In July of this year, state officials in Rhode Island decided not to move forward with a large scale offshore wind project in Rhode Island.  The proposed project involved a joint venture between Eversource and Ørsted to create 600 to 1,000 megawatts of offshore wind generation.  The joint venture project was the only project bid in response to an RFP issued by the state of Rhode Island back in October 2022.

Rhode Island’s decision not to proceed with the project was made following a four-month evaluation process, which was completed in consultation with the Rhode Island Office of Energy Resources and the Division of Public Utilities and Carriers.  This review is mandated under applicable federal regulations.  The Energy Policy Act of 2005 (“EPAct”) requires that BOEM coordinate with relevant federal agencies and affected state and local governments in order to obtain fair return for leases and grants issued, and to ensure that renewable energy development takes place in a safe and environmentally responsible manner.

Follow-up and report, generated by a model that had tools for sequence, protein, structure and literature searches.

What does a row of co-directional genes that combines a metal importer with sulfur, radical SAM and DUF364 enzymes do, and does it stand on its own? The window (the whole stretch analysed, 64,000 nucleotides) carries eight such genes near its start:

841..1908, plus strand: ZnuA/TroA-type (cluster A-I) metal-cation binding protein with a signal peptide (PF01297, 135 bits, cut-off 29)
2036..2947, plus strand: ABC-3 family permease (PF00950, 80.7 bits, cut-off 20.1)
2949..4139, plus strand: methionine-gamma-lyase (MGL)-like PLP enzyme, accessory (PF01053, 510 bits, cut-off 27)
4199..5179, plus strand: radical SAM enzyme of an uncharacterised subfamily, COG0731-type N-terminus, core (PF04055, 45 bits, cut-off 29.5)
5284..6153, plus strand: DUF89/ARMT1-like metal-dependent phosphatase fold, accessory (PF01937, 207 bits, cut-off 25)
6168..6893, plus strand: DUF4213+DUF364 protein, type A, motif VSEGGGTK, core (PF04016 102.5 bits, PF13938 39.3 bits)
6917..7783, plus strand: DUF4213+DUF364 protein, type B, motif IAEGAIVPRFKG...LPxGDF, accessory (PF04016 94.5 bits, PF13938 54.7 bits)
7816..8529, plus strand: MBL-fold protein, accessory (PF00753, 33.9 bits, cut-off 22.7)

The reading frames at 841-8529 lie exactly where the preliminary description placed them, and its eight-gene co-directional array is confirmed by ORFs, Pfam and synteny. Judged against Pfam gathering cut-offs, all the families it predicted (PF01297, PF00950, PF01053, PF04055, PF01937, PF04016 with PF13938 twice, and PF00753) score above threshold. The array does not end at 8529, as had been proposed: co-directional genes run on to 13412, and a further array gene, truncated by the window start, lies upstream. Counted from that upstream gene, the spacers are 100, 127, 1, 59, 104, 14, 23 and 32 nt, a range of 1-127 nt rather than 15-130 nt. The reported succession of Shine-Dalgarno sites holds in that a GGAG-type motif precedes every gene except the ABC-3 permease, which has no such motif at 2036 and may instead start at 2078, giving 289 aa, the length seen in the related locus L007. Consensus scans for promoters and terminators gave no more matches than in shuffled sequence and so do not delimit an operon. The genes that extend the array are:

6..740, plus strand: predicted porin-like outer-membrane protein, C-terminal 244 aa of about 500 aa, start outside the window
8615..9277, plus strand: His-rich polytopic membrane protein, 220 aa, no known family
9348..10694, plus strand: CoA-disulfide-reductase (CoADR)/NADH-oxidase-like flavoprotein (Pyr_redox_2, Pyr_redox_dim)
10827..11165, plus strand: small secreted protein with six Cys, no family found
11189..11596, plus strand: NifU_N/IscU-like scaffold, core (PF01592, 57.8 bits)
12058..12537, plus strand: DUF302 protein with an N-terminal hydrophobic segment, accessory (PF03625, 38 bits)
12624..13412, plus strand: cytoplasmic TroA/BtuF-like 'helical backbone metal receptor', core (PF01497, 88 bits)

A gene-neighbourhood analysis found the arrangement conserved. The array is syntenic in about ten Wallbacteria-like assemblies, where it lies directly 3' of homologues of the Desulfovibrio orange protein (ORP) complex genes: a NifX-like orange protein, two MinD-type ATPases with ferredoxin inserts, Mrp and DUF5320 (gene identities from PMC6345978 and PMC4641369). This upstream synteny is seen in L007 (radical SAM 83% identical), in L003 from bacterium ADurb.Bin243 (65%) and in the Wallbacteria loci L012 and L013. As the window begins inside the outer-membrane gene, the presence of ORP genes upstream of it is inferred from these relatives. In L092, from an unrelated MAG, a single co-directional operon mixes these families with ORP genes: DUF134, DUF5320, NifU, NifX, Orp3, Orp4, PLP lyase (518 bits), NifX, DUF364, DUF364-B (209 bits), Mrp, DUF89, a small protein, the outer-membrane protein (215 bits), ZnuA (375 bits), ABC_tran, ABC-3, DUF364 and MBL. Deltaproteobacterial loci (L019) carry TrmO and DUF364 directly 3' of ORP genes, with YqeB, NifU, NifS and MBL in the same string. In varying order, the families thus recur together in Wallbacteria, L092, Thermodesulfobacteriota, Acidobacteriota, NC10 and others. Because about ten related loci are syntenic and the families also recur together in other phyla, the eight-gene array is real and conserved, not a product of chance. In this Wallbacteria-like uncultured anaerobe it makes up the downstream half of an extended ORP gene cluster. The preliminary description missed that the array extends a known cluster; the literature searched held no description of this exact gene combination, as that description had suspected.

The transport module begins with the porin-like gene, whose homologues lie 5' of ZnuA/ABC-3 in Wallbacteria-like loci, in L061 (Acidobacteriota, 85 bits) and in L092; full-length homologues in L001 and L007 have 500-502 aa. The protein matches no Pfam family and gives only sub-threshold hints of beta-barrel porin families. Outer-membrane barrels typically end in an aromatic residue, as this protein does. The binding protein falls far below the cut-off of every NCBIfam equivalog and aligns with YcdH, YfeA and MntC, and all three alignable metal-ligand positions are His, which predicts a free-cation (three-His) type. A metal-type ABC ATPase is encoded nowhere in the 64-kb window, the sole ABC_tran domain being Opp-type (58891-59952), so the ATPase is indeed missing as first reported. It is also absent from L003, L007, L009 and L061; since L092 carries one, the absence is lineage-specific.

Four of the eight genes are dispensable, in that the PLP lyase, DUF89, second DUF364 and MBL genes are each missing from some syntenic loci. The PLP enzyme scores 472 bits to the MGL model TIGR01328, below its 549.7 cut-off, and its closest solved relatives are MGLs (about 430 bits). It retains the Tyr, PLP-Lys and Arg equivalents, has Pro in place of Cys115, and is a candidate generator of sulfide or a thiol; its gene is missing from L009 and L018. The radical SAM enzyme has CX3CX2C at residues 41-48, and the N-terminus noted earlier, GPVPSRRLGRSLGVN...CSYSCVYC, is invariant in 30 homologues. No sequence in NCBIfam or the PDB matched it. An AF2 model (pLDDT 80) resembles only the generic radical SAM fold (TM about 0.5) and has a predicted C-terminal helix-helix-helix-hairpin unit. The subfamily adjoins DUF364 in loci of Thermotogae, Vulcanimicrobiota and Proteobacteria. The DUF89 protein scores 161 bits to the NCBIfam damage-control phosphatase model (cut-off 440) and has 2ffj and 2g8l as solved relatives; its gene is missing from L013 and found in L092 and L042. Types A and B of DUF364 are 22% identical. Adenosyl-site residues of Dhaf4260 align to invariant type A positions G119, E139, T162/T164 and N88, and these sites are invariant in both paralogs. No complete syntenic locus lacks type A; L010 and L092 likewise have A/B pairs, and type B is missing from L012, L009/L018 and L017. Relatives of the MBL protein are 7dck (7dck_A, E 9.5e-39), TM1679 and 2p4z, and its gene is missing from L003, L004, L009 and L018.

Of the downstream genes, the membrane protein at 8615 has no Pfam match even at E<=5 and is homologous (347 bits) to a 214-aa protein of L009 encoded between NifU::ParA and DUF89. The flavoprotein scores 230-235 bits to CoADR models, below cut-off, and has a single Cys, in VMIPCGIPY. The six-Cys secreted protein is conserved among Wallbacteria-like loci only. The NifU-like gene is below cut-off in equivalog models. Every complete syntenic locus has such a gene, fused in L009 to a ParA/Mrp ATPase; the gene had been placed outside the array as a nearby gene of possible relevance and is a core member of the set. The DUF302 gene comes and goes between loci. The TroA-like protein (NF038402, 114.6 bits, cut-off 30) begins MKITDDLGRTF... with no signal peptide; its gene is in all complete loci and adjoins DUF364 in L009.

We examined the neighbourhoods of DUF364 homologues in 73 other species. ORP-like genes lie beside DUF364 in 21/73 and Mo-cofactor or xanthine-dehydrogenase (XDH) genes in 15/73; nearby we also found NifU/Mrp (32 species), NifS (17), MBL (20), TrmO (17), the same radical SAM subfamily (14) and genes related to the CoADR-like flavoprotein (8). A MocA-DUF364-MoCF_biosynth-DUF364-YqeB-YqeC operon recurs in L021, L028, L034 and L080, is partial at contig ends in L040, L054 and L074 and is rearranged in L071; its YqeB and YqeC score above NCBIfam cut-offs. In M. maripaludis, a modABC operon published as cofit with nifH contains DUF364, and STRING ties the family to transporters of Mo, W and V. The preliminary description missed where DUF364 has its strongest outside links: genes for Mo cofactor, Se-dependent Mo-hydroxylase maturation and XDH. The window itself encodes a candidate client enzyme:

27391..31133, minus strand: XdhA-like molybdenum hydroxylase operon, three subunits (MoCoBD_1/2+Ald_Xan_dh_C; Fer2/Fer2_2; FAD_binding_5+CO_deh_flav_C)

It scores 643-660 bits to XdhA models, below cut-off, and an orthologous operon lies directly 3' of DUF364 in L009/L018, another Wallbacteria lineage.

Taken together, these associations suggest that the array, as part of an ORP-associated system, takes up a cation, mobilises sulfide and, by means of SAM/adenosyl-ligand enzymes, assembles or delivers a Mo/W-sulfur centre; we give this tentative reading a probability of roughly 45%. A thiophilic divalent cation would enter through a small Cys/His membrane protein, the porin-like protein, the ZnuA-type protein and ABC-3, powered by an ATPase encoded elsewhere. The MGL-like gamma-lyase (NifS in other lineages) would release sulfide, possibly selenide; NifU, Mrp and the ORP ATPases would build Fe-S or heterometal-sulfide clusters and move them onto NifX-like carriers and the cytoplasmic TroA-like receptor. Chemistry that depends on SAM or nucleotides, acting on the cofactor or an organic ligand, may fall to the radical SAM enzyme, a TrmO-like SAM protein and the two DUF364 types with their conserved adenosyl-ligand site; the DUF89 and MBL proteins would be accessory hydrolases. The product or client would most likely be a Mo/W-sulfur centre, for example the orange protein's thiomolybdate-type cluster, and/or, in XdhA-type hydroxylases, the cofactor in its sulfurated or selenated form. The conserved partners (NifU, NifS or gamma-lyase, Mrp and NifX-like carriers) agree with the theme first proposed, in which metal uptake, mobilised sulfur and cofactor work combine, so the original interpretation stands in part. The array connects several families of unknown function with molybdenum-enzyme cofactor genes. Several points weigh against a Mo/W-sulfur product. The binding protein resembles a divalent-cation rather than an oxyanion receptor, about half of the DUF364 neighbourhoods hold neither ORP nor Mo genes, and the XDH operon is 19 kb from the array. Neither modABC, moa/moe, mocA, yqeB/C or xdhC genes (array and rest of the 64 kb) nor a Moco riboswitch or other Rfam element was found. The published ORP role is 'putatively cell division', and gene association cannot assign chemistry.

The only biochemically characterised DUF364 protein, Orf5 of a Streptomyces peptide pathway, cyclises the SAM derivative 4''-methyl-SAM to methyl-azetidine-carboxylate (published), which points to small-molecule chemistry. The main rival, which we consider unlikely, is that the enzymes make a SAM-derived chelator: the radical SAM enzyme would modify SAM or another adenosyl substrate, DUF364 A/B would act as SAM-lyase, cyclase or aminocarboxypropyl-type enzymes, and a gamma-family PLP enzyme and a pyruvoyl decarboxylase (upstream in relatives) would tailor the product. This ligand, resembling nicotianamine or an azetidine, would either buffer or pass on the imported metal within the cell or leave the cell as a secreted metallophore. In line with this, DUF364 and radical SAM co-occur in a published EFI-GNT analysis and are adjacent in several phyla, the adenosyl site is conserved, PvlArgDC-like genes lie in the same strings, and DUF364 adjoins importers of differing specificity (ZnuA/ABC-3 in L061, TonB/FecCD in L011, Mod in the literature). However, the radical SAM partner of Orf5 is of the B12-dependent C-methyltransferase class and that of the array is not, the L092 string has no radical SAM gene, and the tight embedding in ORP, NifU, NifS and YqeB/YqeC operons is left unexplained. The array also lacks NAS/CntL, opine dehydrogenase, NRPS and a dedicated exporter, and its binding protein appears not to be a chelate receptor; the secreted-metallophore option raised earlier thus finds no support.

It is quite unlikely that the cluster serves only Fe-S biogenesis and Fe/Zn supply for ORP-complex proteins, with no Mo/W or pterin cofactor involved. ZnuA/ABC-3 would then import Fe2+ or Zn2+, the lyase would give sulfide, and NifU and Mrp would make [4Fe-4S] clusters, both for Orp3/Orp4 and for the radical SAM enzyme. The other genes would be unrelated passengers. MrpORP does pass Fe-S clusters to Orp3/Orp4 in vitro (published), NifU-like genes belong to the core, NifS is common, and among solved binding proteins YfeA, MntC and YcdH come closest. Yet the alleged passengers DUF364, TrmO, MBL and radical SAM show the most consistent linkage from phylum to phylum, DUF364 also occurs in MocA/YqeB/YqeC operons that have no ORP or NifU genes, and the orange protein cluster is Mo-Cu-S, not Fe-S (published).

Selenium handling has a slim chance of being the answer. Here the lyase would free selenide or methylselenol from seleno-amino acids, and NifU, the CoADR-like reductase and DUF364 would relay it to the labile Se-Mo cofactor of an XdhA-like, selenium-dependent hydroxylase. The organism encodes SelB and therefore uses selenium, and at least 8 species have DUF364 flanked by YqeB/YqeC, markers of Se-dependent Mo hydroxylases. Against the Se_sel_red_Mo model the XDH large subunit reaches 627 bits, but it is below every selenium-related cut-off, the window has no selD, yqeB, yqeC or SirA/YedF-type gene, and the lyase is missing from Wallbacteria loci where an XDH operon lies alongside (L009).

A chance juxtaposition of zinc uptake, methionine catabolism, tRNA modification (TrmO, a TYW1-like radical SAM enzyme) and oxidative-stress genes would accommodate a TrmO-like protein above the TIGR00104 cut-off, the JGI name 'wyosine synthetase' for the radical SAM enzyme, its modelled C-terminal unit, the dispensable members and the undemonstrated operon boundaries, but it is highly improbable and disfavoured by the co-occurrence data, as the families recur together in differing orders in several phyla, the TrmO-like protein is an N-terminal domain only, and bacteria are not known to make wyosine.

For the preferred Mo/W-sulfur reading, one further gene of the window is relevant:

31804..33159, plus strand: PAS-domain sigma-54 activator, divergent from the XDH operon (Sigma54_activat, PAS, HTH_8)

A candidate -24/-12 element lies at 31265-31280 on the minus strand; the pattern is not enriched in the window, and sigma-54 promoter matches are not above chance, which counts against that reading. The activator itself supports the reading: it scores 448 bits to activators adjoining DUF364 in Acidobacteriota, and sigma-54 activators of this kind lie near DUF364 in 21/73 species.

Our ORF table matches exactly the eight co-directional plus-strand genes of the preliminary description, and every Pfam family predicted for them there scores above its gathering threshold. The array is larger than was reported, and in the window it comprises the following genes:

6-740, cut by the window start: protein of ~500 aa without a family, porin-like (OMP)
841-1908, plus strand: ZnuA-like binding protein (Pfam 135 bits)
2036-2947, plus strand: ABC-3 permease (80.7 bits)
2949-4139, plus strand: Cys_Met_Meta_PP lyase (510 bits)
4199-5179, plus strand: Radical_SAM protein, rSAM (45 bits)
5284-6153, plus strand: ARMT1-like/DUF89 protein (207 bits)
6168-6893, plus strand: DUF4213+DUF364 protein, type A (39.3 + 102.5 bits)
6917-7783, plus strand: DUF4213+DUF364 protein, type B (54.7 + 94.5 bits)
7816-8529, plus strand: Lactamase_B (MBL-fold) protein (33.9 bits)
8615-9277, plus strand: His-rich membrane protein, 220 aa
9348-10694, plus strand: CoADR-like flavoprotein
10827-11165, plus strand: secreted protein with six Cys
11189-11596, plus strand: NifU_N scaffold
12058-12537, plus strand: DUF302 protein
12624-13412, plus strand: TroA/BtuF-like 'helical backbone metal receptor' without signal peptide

The state determined that rising costs made the project too expensive for ratepayers and concluded the project was inconsistent with state law, specifically, the state’s Affordable Clean Energy Securities Act and its requirement to “reduce energy costs.”

The decision in Rhode Island is a glimpse of what is happening in terms of offshore wind development all along the east coast of the United States and globally.  Several developers in the United States have sought to renegotiate power supply contracts in response to rapidly increasing costs, due partly to supply chain issues and rising demand.  For example, BP and Equinor recently announced they would be renegotiating their power purchase agreements with respect to their development of the Empire and Beacon offshore wind projects, which have a total capacity of 3,300 megawatts.  Rising interest rates also means that financing the billions of dollars in investment that go into these installations has also become far more expensive.